Naz Smyth: 10 top women who leave their mark on the world

Naz Smyth:

“Whatever their chosen field — from politics and popstardom to fashion and feminism — women have been leaving their mark on the world since time began. In celebration of these inspiring trailblazers — and to mark International Women’s Day this week — we’ve selected our top 50 females who have affected life as we know it in their own personal way…”

Millicent Fawcett

Millicent Fawcett:

“A large part of the present anxiety to improve the education of girls and women is also due to the conviction that the political disabilities of women will not be maintained”

An underrated leader of the suffrage movement, Fawcett dedicated her life to the peaceful fight for women’s rights. Married to politician Henry Fawcett, an ardent supporter of women’s rights, she enabled him to carry on his work after he was blinded in an accident.

Coco Chanel

Coco chanel:

“Fashion fades, only style remains the same”

The daughter of a laundrywoman and a marketstall holder, she worked as a club singer and hat maker before becoming one of the greatest fashion designers the world has ever seen.

Queen Elizabeth 1

Queen Elizabeth I:

“I have already joined myself in marriage to a husband, namely the kingdom of England”

The formidable daughter of Henry VIII, Elizabeth oversaw the defeat of the Spanish Armada during one of the most successful reigns in England’s history.

Marie Curie

Marie Curie:

“Nothing in life is to be feared. It is only to be understood.”

Best known for her work on radioactivity, the Polish-French physicist and chemist was the first person to receive two Nobel Prizes, the first female professor at the University of Paris and the first woman to be enshrined in France’s national mausoleum, the Paris Panthéon, on her own merits.

Princess Diana

Diana, Princess of Wales:

“Everyone needs to be valued. Everyone has the potential to give something back”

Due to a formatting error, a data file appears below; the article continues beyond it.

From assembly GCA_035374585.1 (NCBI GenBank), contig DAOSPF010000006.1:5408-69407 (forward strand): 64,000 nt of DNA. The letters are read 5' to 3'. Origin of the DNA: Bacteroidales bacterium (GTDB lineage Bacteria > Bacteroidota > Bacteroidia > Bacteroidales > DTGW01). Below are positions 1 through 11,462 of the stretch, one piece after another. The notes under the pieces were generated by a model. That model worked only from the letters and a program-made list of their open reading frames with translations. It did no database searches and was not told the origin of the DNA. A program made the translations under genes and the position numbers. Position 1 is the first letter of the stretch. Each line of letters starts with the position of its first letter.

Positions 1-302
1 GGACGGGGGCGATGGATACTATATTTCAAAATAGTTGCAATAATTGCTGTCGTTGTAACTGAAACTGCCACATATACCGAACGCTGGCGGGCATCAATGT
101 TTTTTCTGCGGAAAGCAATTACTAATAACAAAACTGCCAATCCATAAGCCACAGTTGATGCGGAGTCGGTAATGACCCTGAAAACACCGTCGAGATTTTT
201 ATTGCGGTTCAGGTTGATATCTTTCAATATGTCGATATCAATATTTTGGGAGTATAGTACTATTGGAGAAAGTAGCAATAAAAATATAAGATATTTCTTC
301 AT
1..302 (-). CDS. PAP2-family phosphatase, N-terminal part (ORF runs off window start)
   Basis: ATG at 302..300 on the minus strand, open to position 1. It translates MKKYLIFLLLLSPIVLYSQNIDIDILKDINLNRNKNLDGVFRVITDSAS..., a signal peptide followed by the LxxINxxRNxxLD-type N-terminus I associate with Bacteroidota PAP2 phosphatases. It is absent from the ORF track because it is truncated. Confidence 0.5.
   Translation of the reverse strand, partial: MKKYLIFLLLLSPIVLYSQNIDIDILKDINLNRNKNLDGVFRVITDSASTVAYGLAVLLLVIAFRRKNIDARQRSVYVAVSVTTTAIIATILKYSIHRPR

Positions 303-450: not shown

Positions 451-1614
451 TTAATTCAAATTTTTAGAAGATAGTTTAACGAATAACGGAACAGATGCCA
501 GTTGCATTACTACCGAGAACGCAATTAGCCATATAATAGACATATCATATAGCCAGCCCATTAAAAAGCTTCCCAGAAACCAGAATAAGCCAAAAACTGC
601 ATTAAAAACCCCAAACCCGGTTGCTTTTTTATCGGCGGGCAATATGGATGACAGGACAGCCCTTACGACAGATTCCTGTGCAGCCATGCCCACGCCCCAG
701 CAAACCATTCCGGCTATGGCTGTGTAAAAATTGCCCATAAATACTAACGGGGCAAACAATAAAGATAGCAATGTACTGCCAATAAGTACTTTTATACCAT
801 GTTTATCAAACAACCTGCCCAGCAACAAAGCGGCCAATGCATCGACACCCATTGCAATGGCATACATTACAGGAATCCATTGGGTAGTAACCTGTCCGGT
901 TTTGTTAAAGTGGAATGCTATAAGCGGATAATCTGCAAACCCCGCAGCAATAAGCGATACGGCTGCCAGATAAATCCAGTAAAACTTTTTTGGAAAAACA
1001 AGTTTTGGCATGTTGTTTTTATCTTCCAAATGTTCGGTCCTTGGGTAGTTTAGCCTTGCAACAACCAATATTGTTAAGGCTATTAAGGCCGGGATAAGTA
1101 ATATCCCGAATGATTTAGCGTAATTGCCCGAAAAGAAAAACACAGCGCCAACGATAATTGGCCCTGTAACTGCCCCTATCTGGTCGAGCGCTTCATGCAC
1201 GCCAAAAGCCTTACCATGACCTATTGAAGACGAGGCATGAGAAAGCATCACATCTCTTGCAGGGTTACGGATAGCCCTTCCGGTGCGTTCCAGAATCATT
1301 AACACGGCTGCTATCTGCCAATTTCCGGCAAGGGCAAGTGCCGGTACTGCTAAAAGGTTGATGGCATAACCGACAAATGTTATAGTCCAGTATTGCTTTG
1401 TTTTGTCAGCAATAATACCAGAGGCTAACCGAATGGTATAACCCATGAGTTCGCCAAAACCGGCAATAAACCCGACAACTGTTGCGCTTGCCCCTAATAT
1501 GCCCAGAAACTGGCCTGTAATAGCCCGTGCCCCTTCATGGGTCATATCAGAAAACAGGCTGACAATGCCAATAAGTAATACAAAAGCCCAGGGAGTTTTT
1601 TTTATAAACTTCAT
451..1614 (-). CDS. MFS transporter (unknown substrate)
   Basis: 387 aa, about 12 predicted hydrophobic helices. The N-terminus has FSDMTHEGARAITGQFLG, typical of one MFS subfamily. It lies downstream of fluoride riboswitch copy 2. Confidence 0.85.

The well-loved “people’s princess” led a Nobel Peace Prize-winning campaign to ban landmines and dedicated much of her life to charity work — a work ethic she instilled in her two sons, Prince Harry and future King, Prince William.

Emmeline Pankhurst

Emmeline Pankhurst:

“We are here not because we are law-breakers; we are here in our efforts to become law-makers”

The daughter of an anti-slave campaigner and a passionate feminist, the influential women’s rights activist married a socialist lawyer and together they fought for women’s rights in the late 19th and early 20th century — a fight she continued with her three daughters after his death. She formed The Women’s Social and Political Union — best known as the suffragettes.

Boudicca

Boudicca:

“If you weigh well the strengths of our armies, you will see that in this battle we must conquer or die. This is a woman’s resolve. As for the men, they may live or be slaves”

The British warrior queen led an unprecedented and bloody revolt against the occupying Roman Empire in 61 AD, making her an important cultural icon.

Benazir Bhutto:

“Democracy is the best revenge”

As the 11th prime minister of Pakistan, Bhutto was the first woman to head a Muslim state. She ended military dictatorship in the country, and was noted for her battle for women’s rights. She was assassinated in a suicide attack in 2007.

Mary Wollstonecraft

Mary Wollstonecraft:

“It is vain to expect virtue from women till they are in some degree independent of men”

Described as the mother of feminism, the 18th century British writer was best known for her most important work A Vindication of the Rights of Woman. She was the mother of writer Mary Shelley, who would find fame as an author too for her novel Frankenstein.

Germaine Greer

Germaine Greer:

“English culture is basically homosexual in the sense that the men only really care about other men”

A prominent feminist in the Sixties and Seventies, Greer’s seminal text The Female Eunuch argued that traditional family life represses women’s sexuality and that male-dominated society teaches women to hate themselves. The book became a best-seller on its release in 1970, and would usher in a new age of the feminist movement.